The cross-fire/left handed shooting argument came in to play again. With the assassin being assumed to have shot right handed, this was a major point of Cramblett’s defense. Harry Paxton testified that he had known Cramblett for 15 years and that he always shot left handed, though he admitted on cross examination that Cramblett was right handed when he worked. 8 other witnesses, including the constable and the marshal of Smithfield, testified to Cramblett shooting left handed. One of the witnesses stated Cramblett shot this way because he couldn’t shut one of his eyes.
Finally, on November 10, 1900, with the State and Defense having rested, the Jury would make their decision. The trial had lasted 3 weeks, but it only took 4 hours for the Jury to decide Cramblett’s fate: Not guilty. Cheers went up in the courtroom after the verdict was read and people began to line up to shake Cramblett and his attorneys’ hands. News spread through the streets. This was the verdict most had been waiting for, the majority of public support having gone to Cramblett throughout the entirety of his arrest and trials.
This was the verdict that seemed inevitable. Statistically, 9 out of 10 people in Jefferson County accused of murder would be acquitted. The very strong reactions against convicting someone without physical evidence and distaste for capital punishment attest to why the scales would generally sway that way. Truly, it makes me feel good when reading about the case, that the people of Jefferson County (and, I’m hoping, my ancestor included) saw the need for solid evidence when a man’s life was on the line.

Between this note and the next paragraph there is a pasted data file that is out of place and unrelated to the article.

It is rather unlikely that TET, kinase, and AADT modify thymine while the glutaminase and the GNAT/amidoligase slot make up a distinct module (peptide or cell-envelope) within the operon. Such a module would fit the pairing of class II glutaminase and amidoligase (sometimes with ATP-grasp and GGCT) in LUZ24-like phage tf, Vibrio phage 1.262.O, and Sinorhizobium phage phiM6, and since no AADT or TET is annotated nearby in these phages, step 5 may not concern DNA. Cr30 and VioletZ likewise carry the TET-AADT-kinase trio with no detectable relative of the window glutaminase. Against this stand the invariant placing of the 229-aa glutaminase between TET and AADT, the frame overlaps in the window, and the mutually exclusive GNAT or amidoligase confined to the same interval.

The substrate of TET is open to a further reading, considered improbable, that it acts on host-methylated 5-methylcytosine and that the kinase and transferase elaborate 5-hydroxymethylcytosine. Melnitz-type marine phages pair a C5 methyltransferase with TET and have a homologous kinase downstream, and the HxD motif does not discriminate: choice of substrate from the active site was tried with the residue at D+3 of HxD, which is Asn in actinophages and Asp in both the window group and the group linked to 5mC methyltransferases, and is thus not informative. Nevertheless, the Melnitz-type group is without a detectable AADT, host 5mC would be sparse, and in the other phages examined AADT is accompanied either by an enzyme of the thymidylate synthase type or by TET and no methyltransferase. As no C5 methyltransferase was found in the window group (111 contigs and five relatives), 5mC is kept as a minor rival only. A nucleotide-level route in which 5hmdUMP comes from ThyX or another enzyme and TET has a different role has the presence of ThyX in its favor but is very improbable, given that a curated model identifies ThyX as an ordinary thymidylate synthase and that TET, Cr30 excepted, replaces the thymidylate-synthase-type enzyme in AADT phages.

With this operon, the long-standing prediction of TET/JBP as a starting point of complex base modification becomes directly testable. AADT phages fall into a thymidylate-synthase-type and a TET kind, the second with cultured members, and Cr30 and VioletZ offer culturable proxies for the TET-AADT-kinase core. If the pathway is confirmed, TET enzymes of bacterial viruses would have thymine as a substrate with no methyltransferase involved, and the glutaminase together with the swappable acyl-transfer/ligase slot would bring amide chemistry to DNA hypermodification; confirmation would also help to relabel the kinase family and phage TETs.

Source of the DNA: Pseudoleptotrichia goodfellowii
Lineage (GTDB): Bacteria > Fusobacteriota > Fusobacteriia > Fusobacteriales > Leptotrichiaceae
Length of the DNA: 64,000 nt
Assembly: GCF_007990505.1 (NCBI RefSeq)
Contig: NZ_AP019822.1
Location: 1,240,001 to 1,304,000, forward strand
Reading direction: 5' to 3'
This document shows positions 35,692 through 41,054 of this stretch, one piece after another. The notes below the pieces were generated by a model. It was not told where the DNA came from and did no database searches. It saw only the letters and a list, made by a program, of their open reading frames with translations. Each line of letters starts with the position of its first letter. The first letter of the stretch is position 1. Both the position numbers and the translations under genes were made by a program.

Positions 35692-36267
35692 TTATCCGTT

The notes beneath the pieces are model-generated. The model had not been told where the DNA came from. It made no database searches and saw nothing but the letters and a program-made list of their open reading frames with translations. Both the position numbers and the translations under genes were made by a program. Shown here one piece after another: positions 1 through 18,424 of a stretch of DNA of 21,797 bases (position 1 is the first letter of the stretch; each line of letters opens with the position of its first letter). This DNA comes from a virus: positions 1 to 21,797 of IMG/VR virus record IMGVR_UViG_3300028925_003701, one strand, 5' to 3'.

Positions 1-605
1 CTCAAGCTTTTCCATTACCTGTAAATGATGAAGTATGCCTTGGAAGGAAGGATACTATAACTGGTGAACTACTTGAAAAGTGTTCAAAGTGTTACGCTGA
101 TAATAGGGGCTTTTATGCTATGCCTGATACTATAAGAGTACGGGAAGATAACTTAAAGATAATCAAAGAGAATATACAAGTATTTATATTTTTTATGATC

The trial had been the longest on record for Jefferson County and, in fact, it had depleted it monetarily. The two trials cost the county about $10,000 (about $300,000 in today’s coin).
9 out of 10 lawyers believed the evidence pointed to Cramblett’s guilt, while the public generally thought him innocent.
So what happened to the major players afterwards?
Jeff Rainbow: Though the Defense had accused him of being the murderer outright during the second trial, he would never be arrested or charged after Cramblett’s acquittal. Ultimately, it appeared to be more of a clever defense tactic than a serious accusation. The public honestly did not believe that Rainbow had anything to do with the murder and nothing was pursued. Rainbow would continue living a normal life with his large family and died at the age of 86.
Cora Gosnell: The question on everyone’s lips after Cramblett’s acquittal: Will Cora Gosnell now marry Quincy Cramblett? The answer was a resounding no. Though the members of the Gosnell family who testified tended to speak positively of Cramblett when on the stand, they were said to be afraid of him outside of court. Newspapers after the second trial reported that the Gosnell family feared for their lives after Cramblett’s release and generally believed him to be guilty. Whether this was true or not, Cora would not go on to marry Quincy. Instead, 5 years after Cramblett’s acquittal, she would marry her cousin George Gosnell and have a son with him. She died at age 79 in 1962.
Quincy Cramblett: 9 years after he was acquitted, Cramblett married Nannie Caldwell, about 20 years his junior. That marriage produced a son and lasted 4 years, ending in her death in 1913. Cramblett then married a woman named Jennie Blackburn, a marriage that would last until his death. Cramblett passed away in 1947 at age 79.
As for my 2nd great grandfather, Ross P. Frederick, well that’s a story for a different day…
“Many Are Called but Few Are Chosen as Jurors in the Cramblett Trial.” The Steubenville Herald-Star , 25 Oct. 1900, p. 5.
“Cramblett on Trial for the Murder of James Gosnell.” The Steubenville Herald-Star, 2 Apr. 1900, pp. 5–8.
“Cramblett’s Love Affairs.” The Steubenville Herald-Star , 29 Oct. 1900, p. 5.
“Horse Tracks Near the Gosnell House Are Described by Defendant’s Witnesses.” The Steubenville Herald-Star , 1 Nov. 1900, p. 5.
“The Evidence Submitted in the Cramblett Murder Trial.” The Steubenville Herald-Star , 30 Oct. 1900, pp. 4–5.
“State Rests in the Cramblett Murder Trial This Morning.” The Steubenville Herald-Star , 31 Oct. 1900, pp. 2–5.
“Unsatisfactory Verdict.” The Wheeling Daily Intelligencer, 10 Apr. 1900, p. 1.
“The Jurymen in Cramblett Murder Trial Will Lose Their Votes.” The Steubenville Herald-Star , 5 Nov. 1900, pp. 2–5.